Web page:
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Global Warming Economics in the Long Run: A Conceptual Framework

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  • John Gowdy
  • Roxana Juliá

Abstract

Economic models of climate change typically analyze its short-run effects, for example, up to the year 2100 or for a doubling of atmospheric CO2. This is a potentially serious shortcoming since under a business-as-usual scenario, atmospheric CO2 concentrations could more than quadruple. We introduce a framework that endogenously accounts for long-run climate change and examine the implications of alternative mitigation strategies: one in which the rates of annual emissions are reduced, and one that places absolute limits on the total amount of carbon released. We discuss alternative valuation frameworks, drawing on the debate surrounding the Stern Review.

Suggested Citation

  • John Gowdy & Roxana Juliá, 2010. "Global Warming Economics in the Long Run: A Conceptual Framework," Land Economics, University of Wisconsin Press, vol. 86(1), pages 117-130.
  • Handle: RePEc:uwp:landec:v:86:y:2010:i:1:p:117-130
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    References listed on IDEAS

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    1. Andrew Watson, 2008. "Certainty and Uncertainty in Climate Change Predictions: What Use are Climate Models?," Environmental & Resource Economics, Springer;European Association of Environmental and Resource Economists, vol. 39(1), pages 37-44, January.
    2. Auffhammer, Maximilian & Carson, Richard T., 2008. "Forecasting the path of China's CO2 emissions using province-level information," Journal of Environmental Economics and Management, Elsevier, vol. 55(3), pages 229-247, May.
    3. William R. Cline, 1992. "Economics of Global Warming, The," Peterson Institute Press: All Books, Peterson Institute for International Economics, number 39.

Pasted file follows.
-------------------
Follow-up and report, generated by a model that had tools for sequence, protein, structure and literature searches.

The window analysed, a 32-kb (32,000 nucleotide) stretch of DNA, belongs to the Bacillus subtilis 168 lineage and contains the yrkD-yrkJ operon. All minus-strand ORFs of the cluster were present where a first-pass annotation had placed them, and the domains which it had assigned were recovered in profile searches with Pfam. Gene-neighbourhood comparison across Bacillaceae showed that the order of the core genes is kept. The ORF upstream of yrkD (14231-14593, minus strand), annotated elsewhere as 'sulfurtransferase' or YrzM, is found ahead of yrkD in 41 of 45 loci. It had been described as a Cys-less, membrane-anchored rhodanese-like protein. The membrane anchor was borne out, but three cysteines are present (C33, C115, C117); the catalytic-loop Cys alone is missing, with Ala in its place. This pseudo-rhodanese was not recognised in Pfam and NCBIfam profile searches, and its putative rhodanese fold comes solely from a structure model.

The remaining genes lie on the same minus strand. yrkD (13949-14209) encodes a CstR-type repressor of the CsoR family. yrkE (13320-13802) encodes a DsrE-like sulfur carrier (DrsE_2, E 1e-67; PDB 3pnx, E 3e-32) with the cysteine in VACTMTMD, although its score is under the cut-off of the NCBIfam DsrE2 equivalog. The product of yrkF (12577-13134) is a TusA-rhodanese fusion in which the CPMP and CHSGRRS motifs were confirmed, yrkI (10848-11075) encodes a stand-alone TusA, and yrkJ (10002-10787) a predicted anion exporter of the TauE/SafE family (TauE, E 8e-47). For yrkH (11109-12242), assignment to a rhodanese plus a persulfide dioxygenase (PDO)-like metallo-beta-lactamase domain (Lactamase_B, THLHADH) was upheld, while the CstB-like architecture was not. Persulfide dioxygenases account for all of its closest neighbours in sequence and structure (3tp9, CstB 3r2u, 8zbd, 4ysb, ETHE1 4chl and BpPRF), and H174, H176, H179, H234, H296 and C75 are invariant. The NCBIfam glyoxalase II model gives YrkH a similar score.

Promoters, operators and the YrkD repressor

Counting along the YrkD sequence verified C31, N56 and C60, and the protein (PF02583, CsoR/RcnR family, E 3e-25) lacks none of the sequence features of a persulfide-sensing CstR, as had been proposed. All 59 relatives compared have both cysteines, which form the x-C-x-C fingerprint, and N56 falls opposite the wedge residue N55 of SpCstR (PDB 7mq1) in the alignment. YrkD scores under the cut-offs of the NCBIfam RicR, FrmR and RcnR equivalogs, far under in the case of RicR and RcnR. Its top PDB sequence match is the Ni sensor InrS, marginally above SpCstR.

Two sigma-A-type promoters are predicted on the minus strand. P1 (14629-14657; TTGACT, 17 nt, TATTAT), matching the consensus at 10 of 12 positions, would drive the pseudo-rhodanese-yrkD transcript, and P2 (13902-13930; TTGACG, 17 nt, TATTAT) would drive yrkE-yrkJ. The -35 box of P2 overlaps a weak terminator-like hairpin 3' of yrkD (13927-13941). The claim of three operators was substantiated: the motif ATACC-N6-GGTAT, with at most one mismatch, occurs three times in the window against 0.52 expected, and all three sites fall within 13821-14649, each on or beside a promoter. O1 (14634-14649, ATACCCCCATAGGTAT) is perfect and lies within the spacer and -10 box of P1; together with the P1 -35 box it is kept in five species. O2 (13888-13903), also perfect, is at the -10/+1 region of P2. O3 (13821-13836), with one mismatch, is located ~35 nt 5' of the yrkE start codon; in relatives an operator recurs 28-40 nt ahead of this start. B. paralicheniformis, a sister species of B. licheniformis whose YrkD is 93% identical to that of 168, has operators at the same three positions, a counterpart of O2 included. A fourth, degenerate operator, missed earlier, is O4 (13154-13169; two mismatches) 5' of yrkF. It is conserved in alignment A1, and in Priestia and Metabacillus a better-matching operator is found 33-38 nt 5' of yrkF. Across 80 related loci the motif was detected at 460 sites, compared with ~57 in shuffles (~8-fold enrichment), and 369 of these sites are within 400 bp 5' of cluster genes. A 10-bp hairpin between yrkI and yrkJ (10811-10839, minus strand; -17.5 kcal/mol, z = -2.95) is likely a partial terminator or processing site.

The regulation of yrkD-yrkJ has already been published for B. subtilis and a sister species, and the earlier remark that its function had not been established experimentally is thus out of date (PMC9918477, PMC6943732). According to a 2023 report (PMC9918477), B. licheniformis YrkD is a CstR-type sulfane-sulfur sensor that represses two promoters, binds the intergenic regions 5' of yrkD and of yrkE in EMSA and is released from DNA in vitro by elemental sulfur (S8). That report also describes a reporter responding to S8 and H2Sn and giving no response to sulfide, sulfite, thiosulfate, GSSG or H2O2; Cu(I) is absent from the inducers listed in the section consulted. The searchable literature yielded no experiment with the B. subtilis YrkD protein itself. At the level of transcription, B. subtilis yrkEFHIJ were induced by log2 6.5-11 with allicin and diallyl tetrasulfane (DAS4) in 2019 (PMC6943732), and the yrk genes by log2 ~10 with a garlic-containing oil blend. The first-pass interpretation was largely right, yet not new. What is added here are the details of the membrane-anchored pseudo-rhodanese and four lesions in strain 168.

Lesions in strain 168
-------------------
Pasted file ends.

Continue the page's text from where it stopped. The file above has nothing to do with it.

4. Spash, Clive L., 1994. "Double CO2 and beyond: benefits, costs and compensation," Ecological Economics, Elsevier, vol. 10(1), pages 27-36, May.
    5. W. J.W. Botzen & J. M. Gowdy & J. C.J.M. Van Den Bergh, 2008. "Cumulative CO 2 emissions: shifting international responsibilities for climate debt," Climate Policy, Taylor & Francis Journals, vol. 8(6), pages 569-576, November.
    6. d'Autume, Antoine & Schubert, Katheline, 2008. "Hartwick's rule and maximin paths when the exhaustible resource has an amenity value," Journal of Environmental Economics and Management, Elsevier, vol. 56(3), pages 260-274, November.
    7. Tol, Richard S. J., 1994. "The damage costs of climate change: a note on tangibles and intangibles, applied to DICE," Energy Policy, Elsevier, vol. 22(5), pages 436-438, May.
    8. van den Bergh, Jeroen C. J. M., 2004. "Optimal climate policy is a utopia: from quantitative to qualitative cost-benefit analysis," Ecological Economics, Elsevier, vol. 48(4), pages 385-393, April.
    9. Martin L. Weitzman, 2007. "A Review of the Stern Review on the Economics of Climate Change," Journal of Economic Literature, American Economic Association, vol. 45(3), pages 703-724, September.
    10. Richard B. Howarth, 2003. "Discounting and Uncertainty in Climate Change Policy Analysis," Land Economics, University of Wisconsin Press, vol. 79(3), pages 369-381.
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    Cited by:

    1. John M. Gowdy, 2013. "Valuing nature for climate change policy: from discounting the future to truly social deliberation," Chapters,in: Handbook on Energy and Climate Change, chapter 25, pages 547-560 Edward Elgar Publishing.

    More about this item

    JEL classification:

    • D61 - Microeconomics - - Welfare Economics - - - Allocative Efficiency; Cost-Benefit Analysis
    • D63 - Microeconomics - - Welfare Economics - - - Equity, Justice, Inequality, and Other Normative Criteria and Measurement

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